Figure 1.

 A hypothetical seed shadow resulting from seed dispersal by wind blowing from multiple directions, described with the modelling framework presented in the main text; the contour lines show seed densities. The corresponding distorted-distance function is given in Appendix B.

Consider the simplest case of seed dispersal away from a single point source, tree ‘A’, located in inline image of a rectangular X–Y plane. Our anisotropic model for the final location of a seed dispersed randomly from this point has probability density function (pdf) p, the 2D dispersal kernel’, and consists of two sub-models. The first is a deterministic model rdist that describes the so-called distorted distance rdist(x, y) to tree A for each location (x, y) in the plane around the tree, the ‘distorted-distance mapping’. The second is a stochastic model that describes the probability distribution of distorted distances for a seed dispersed from tree A, in the form of a (one-dimensional) pdf d, the ‘distorted-distance distribution’. The parameters of functions d and rdist can be estimated from field data.

The two-dimensional dispersal kernel p is a function of location (x, y) only through its distorted distance rdist(x, y) to tree A, so that locations with equal distorted distances to the tree have equal probability density: p(x1, y1) = p(x2, y2) if rdist(x1, y1) = rdist(x2, y2). As a consequence, contour lines of rdist and p coincide, although their respective values on a contour will of course differ. The distorted-distance mapping rdist specifically and fully describes the directional component, whereas the distorted-distance distribution d specifies the probability that a seed lands at distorted distance rdist from the seed source, yet itself contains no information about how distances are distorted.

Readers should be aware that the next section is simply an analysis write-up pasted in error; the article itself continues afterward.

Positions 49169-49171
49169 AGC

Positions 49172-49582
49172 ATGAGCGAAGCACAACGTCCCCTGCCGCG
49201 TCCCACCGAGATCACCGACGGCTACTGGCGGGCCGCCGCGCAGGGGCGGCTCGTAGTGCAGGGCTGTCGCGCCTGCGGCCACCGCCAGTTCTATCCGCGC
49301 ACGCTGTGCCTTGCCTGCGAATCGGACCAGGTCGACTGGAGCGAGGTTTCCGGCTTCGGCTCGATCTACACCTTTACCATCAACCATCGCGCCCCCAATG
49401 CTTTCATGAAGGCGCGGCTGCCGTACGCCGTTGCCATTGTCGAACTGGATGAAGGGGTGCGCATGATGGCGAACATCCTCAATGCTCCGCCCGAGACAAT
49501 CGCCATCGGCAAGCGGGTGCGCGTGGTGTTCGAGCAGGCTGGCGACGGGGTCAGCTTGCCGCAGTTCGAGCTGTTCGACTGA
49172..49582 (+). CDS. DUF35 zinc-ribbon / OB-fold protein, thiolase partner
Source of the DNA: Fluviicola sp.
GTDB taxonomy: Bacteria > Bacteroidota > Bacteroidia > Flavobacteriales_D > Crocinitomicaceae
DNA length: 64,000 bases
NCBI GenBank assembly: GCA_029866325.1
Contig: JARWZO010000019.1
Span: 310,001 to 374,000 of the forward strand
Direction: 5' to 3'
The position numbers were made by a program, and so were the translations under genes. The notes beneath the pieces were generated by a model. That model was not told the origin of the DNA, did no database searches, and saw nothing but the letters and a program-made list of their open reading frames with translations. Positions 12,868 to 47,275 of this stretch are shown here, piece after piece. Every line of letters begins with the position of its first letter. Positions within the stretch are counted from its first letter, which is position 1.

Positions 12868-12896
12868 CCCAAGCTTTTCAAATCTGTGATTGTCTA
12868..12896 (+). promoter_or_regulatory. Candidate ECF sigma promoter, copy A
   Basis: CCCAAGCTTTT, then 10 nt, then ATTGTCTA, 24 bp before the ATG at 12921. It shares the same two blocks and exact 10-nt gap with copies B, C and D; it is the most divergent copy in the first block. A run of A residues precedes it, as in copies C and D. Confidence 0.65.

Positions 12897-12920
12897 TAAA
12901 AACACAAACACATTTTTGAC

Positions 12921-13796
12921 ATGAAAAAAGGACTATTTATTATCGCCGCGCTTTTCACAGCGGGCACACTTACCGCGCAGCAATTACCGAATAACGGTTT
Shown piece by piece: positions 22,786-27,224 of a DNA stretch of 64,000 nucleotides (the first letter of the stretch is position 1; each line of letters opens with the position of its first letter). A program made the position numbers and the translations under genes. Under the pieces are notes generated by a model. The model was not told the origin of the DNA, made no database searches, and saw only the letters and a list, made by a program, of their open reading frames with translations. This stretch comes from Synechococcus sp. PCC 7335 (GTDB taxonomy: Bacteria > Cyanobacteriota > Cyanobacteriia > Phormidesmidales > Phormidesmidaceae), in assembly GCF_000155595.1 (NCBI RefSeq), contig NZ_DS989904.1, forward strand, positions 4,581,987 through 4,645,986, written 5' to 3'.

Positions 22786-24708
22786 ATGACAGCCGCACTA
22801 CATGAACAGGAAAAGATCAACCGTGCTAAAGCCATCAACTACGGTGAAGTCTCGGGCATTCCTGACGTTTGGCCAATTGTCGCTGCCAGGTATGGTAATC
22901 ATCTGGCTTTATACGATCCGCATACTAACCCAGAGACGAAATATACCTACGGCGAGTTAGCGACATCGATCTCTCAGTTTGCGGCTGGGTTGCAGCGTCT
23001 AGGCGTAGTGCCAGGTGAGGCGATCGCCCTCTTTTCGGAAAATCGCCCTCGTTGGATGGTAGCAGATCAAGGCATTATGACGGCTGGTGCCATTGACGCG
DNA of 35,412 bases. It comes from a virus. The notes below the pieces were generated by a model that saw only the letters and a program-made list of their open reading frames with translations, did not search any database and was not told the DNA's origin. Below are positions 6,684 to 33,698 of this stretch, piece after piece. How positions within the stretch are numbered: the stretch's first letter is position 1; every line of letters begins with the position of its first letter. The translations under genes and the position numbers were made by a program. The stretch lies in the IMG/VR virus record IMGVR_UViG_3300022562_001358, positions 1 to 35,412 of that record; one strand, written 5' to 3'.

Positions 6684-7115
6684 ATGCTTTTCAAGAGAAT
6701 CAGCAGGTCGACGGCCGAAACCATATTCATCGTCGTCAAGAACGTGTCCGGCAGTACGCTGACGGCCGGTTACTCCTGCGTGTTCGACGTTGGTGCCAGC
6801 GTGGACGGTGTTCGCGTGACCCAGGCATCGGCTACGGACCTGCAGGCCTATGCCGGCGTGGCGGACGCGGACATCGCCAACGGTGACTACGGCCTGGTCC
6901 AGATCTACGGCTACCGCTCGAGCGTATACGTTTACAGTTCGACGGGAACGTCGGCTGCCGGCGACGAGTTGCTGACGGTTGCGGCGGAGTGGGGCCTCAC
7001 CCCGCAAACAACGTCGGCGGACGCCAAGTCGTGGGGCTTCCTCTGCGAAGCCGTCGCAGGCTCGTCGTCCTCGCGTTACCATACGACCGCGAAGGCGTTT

A variety of isotropic dispersal kernel functions have been successfully fit to field data (e.g. Clark et al. 2005). In isotropic modelling, where dispersal is assumed equally likely is all directions, the contour lines of the two-dimensional dispersal kernel p take the form of concentric circles centred at the tree source. We can think of this two-dimensional dispersal kernel as reflecting the combination of an (undistorted) Euclidean distance mapping


with an (undistorted) distance distribution d. Our anisotropic model can incorporate the same mathematical functions d in the form of distorted-distance distributions, and combine these with a distorted-distance mapping rdist in place of the Euclidean distance function. The resulting distorted distances rdist(x, y) can have contour lines that are distorted rings (e.g. an ellipse) or even indented/outdented ovals (e.g. Fig. 1).